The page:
• In order to dig a tunnel exit sufficiently far back that it wouldn't be noticed (and either wide enough to allow troops out more than one at a time or in a quiet enough location to give you room to form up before attacking from behind) the accuracy in digging and positioning simply wasn't there in that era - not into territory controlled by the enemy certainly.

  • Also if you built a wide enough tunnel (as above) you'd have the problem of keeping it stable - wide tunnels need matching amounts of structural re-enforcement to keep them from caving in under their own weight (technology would have been one of the limiting factors again as would time). And that's even before you take into account that the ground above will likely be receiving hits from mortar shells, tanks and other vehicles rolling across them and so on. Losing a substantial number of troops to cave ins would have been very probable, especially when you consider that digging such a large tunnel would have been difficult to keep covert, so if the enemy knew one was being dug it would be trivial to collapse it.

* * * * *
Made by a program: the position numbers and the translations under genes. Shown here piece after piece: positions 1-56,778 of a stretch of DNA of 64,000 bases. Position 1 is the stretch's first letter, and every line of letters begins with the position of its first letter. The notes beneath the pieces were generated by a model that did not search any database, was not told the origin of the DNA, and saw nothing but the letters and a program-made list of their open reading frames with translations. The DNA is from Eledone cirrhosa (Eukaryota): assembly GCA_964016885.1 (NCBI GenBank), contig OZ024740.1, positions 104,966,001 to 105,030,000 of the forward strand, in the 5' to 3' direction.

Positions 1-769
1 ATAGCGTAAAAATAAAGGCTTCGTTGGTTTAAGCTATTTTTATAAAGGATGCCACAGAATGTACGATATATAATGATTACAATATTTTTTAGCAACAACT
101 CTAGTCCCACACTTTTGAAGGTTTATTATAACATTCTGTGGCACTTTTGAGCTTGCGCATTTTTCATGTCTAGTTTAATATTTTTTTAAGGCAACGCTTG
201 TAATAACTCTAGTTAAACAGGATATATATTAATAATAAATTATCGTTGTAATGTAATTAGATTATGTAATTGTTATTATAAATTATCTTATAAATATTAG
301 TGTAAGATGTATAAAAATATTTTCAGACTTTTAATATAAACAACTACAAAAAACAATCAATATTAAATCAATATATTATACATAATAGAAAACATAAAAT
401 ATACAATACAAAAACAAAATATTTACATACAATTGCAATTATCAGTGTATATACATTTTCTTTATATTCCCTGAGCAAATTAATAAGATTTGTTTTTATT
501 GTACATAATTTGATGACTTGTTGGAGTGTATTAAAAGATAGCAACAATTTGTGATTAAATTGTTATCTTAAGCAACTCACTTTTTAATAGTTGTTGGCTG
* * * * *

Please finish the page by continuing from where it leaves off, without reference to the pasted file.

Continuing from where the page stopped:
Conventional "over the top" charges weren't a good solution either (as you correctly point out) but considering the above it's difficult to see tunneling being any better - and quite possibly worse. Much of the "advantage" of such a plan relies on the enemy not knowing you were coming - you may be able to pull it off once or twice but after that it would be easy enough to prepare for it and there goes the element of surprise, and once the Germans had used tunneling to place a mine against allied forces (to great success) both sides were not only tunneling themselves but were actively watching and listening for enemy tunneling operations.